Regulations (Standards - 29 CFR) - Table of Contents|
| Part Number:||1910|
| Part Title:||Occupational Safety and Health Standards|
| Subpart Title:||Commercial Diving Operations|
| Standard Number:||1910.402|
As used in this standard, the listed terms are defined as follows:
Acfm: Actual cubic feet per minute.
ASME Code or equivalent: ASME (American Society of Mechanical Engineers) Boiler and Pressure Vessel Code, Section VIII, or an equivalent code which the employer can demonstrate to be equally effective.
ATA: Atmosphere absolute.
Bell: An enclosed compartment, pressurized (closed bell) or unpressurized (open bell), which allows the diver to be transported to and from the underwater work area and which may be used as a temporary refuge during diving operations.
Bottom time: The total elapsed time measured in minutes from the time when the diver leaves the surface in descent to the time that the diver begins ascent.
Bursting pressure: The pressure at which a pressure containment device would fail structurally.
Cylinder: A pressure vessel for the storage of gases.
Decompression chamber: A pressure vessel for human occupancy such as a surface decompression chamber, closed bell, or deep diving system used to decompress divers and to treat decompression sickness.
Decompression sickness: A condition with a variety of symptoms which may result from gas or bubbles in the tissues of divers after pressure reduction.
Decompression table: A profile or set of profiles of depth-time relationships for ascent rates and breathing mixtures to be followed after a specific depth-time exposure or exposures.
Dive-guiding operations means leading groups of sports divers, who use an open-circuit, semi-closed-circuit, or closed-circuit self-contained underwater breathing apparatus, to local undersea diving locations for recreational purposes.
Dive location: A surface or vessel from which a diving operation is conducted.
Dive-location reserve breathing gas: A supply system of air or mixed-gas (as appropriate) at the dive location which is independent of the primary supply system and sufficient to support divers during the planned decompression.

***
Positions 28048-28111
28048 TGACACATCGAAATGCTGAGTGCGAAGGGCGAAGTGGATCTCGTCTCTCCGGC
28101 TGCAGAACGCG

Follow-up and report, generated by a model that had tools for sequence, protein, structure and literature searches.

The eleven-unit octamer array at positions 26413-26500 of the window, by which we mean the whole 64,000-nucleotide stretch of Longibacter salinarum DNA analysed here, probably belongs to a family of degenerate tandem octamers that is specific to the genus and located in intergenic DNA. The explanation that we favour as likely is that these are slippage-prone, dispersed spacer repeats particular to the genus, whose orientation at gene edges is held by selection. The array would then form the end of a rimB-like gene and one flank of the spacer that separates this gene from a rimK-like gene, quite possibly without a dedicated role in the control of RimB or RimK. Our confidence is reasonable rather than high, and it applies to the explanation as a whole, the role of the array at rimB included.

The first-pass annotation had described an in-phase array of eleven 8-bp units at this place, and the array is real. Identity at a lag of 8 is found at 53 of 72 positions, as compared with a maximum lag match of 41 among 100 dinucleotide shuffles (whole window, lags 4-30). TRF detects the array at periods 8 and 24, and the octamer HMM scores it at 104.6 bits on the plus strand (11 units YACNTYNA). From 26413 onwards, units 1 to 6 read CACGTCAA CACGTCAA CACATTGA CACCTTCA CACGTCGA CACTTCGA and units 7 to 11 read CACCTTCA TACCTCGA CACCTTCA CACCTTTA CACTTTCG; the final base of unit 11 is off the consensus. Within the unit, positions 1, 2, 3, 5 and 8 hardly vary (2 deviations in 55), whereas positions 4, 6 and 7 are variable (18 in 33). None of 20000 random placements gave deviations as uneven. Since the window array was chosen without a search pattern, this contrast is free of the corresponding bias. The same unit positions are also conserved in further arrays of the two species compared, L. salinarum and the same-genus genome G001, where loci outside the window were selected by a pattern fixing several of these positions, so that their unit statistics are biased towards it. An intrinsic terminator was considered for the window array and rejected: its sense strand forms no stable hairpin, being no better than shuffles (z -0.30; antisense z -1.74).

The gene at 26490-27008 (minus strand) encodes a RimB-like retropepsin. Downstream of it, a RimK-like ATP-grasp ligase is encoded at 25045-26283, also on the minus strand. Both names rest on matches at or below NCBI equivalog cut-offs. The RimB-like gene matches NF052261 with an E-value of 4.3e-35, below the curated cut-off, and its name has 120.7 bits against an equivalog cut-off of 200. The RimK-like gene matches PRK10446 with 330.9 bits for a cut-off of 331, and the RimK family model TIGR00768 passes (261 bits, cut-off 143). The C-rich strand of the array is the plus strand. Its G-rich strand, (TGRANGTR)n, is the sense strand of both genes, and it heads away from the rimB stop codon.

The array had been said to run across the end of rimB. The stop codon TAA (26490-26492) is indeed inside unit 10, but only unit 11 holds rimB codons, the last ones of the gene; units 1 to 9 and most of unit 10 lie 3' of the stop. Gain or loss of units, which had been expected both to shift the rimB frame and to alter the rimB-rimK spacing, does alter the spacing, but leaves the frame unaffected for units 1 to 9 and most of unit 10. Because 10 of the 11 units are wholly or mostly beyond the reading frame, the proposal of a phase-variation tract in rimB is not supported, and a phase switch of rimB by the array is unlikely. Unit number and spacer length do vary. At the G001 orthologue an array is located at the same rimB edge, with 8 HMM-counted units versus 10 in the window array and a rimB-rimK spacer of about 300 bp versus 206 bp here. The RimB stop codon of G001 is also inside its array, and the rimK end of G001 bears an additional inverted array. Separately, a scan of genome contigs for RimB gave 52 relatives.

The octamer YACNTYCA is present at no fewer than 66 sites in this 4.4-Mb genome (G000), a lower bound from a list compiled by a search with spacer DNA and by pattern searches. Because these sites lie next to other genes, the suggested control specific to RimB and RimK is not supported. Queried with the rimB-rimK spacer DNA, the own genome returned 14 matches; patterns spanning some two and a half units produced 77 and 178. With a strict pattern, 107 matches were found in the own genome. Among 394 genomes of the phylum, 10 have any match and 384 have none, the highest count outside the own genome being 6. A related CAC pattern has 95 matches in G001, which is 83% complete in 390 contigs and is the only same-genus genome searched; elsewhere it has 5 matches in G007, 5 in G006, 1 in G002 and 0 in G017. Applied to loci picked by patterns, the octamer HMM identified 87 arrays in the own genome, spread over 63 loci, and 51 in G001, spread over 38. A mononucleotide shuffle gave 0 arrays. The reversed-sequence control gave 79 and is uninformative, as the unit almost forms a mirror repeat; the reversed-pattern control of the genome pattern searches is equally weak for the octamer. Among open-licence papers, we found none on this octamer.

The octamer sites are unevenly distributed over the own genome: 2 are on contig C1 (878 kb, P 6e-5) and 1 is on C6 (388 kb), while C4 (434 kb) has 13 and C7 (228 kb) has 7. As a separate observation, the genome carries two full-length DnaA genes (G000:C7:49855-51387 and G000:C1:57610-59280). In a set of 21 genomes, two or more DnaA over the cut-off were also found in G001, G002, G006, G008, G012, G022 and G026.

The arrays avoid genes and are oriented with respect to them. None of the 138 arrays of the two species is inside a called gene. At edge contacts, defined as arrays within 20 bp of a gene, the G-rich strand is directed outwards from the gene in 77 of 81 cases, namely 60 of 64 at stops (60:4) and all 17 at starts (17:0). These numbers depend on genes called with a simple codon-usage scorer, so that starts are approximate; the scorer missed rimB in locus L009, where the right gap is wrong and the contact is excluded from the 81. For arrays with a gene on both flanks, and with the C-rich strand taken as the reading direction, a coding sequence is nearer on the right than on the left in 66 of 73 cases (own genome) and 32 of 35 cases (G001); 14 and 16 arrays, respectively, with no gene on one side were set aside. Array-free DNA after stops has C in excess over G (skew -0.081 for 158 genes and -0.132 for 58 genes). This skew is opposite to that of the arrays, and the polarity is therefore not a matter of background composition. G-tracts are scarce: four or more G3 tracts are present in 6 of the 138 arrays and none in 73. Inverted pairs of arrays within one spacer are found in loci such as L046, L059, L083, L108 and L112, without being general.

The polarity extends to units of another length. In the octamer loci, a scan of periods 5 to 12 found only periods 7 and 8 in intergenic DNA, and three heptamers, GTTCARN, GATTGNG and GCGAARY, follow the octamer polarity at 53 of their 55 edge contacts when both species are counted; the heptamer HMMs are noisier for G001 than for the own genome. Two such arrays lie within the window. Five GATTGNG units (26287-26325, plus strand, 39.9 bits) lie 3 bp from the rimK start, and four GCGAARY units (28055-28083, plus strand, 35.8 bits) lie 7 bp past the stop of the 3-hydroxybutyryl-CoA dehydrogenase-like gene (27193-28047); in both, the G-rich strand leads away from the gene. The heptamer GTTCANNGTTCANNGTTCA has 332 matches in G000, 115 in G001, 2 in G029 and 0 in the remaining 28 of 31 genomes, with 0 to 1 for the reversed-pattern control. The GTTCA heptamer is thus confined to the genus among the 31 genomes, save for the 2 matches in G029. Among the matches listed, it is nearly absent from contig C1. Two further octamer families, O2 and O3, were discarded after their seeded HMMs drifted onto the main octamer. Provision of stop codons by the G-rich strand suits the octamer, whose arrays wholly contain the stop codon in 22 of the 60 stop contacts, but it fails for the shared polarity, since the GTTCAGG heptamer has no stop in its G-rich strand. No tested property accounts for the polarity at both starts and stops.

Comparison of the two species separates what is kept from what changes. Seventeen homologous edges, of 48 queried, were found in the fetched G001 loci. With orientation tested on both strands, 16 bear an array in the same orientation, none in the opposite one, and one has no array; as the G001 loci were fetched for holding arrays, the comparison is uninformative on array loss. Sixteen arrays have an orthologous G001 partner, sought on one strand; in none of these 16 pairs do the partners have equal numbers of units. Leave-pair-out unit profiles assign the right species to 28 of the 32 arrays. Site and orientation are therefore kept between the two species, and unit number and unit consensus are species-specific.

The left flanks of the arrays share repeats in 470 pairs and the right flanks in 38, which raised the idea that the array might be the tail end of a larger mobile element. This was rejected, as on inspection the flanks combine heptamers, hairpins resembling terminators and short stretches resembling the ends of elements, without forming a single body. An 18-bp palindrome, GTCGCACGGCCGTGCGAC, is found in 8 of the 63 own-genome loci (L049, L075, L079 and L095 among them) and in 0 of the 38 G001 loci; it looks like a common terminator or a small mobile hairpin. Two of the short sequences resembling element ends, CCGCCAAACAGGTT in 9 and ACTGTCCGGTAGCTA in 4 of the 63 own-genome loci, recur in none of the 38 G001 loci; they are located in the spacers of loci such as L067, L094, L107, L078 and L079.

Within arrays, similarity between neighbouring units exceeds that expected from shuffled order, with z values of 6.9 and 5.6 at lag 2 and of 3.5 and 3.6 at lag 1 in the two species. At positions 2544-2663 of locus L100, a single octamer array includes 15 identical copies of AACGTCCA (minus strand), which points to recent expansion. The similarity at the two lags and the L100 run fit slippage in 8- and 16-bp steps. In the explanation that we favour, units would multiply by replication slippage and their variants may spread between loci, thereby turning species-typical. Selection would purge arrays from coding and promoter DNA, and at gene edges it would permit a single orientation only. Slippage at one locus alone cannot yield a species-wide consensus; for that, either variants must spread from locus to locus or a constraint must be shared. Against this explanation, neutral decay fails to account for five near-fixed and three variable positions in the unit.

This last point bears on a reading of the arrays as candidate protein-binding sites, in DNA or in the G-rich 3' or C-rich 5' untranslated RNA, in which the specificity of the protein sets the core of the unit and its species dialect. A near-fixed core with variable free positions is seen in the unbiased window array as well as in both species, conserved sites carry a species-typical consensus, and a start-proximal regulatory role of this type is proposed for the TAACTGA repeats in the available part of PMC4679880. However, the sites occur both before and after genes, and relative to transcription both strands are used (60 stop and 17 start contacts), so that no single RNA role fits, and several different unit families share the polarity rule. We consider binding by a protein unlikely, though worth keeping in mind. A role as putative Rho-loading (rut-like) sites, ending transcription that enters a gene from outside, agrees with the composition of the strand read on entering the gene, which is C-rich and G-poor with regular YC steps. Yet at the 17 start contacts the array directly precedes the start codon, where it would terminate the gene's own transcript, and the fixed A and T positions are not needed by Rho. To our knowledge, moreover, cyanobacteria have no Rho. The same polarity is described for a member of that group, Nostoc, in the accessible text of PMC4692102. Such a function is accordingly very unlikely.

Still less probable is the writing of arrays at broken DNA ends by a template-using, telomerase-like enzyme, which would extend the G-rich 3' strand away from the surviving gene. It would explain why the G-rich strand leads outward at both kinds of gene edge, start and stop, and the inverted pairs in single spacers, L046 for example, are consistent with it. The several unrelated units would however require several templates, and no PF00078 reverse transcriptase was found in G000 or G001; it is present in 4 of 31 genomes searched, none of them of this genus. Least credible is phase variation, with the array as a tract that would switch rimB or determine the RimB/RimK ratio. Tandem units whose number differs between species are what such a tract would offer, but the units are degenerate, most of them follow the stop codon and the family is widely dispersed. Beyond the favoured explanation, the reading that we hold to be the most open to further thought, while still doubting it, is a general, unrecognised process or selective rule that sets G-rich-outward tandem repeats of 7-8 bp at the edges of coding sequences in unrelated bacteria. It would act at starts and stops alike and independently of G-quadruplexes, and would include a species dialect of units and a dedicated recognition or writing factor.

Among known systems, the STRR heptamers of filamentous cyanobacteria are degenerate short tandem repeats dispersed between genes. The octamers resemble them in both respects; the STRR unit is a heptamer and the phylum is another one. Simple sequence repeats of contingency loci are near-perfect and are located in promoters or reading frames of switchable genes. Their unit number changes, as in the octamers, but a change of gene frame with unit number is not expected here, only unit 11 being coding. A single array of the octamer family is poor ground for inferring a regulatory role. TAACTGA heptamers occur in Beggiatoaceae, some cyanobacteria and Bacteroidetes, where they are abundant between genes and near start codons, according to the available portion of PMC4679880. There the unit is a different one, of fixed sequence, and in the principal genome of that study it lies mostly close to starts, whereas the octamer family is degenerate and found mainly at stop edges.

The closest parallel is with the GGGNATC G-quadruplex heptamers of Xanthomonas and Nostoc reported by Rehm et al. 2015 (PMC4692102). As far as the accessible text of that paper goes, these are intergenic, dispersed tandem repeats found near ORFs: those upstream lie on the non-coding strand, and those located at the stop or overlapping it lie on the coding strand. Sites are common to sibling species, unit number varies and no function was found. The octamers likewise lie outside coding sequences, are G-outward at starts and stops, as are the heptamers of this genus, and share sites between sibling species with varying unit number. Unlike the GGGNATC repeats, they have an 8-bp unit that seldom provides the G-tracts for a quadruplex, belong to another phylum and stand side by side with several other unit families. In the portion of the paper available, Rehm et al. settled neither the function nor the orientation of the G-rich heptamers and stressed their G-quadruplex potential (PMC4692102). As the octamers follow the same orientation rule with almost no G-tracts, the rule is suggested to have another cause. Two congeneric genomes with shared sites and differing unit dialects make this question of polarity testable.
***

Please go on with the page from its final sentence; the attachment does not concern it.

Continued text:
Dive team: Divers and support employees involved in a diving operation, including the designated person-in-charge.
Diver: An employee working in water using underwater apparatus which supplies compressed breathing gas at the ambient pressure.
Diver-carried reserve breathing gas: A diver-carried supply of air or mixed gas (as appropriate) sufficient under standard operating conditions to allow the diver to reach the surface, or another source of breathing gas, or to be reached by a standby diver.
Diving mode: A type of diving requiring specific equipment, procedures and techniques (SCUBA, surface-supplied air, or mixed gas).
Fsw: Feet of seawater (or equivalent static pressure head).
Heavy gear: Diver-worn deep-sea dress including helmet, breastplate, dry suit, and weighted shoes.
Hyperbaric conditions: Pressure conditions in excess of surface pressure.
Inwater stage: A suspended underwater platform which supports a diver in the water.
Liveboating: The practice of supporting a surfaced-supplied air or mixed gas diver from a vessel which is underway.
Mixed-gas diving: A diving mode in which the diver is supplied in the water with a breathing gas other than air.
No-decompression limits: The depth-time limits of the "no-decompression limits and repetitive dive group designation table for no-decompression air dives", U.S. Navy Diving Manual or equivalent limits which the employer can demonstrate to be equally effective.
Psi(g): Pounds per square inch (gauge).
Recreational diving instruction means training diving students in the use of recreational diving procedures and the safe operation of diving equipment, including an open-circuit, semi-closed-circuit, or closed-circuit self-contained underwater breathing apparatus, during dives.
Scientific diving means diving performed solely as a necessary part of a scientific, research, or educational activity by employees whose sole purpose for diving is to perform scientific research tasks. Scientific diving does not include performing any tasks usually associated with commercial diving such as: Placing or removing heavy objects underwater; inspection of pipelines and similar objects; construction; demolition; cutting or welding; or the use of explosives.
SCUBA diving: A diving mode independent of surface supply in which the diver uses open circuit self-contained underwater breathing apparatus.
Standby diver: A diver at the dive location available to assist a diver in the water.
Surface-supplied air diving: A diving mode in which the diver in the water is supplied from the dive location with compressed air for breathing.
Treatment table: A depth-time and breathing gas profile designed to treat decompression sickness.
Umbilical: The composite hose bundle between a dive location and a diver or bell, or between a diver and a bell, which supplies the diver or bell with breathing gas, communications, power, or heat as appropriate to the diving mode or conditions, and includes a safety line between the diver and the dive location.
Volume tank: A pressure vessel connected to the outlet of a compressor and used as an air reservoir.
Working pressure: The maximum pressure to which a pressure containment device may be exposed under standard operating conditions.
[42 FR 37668, July 22, 1977, as amended at 47 FR 53365, Nov. 26, 1982; 69 FR 7363, Feb. 17, 2004]
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Regulations (Standards - 29 CFR) - Table of Contents|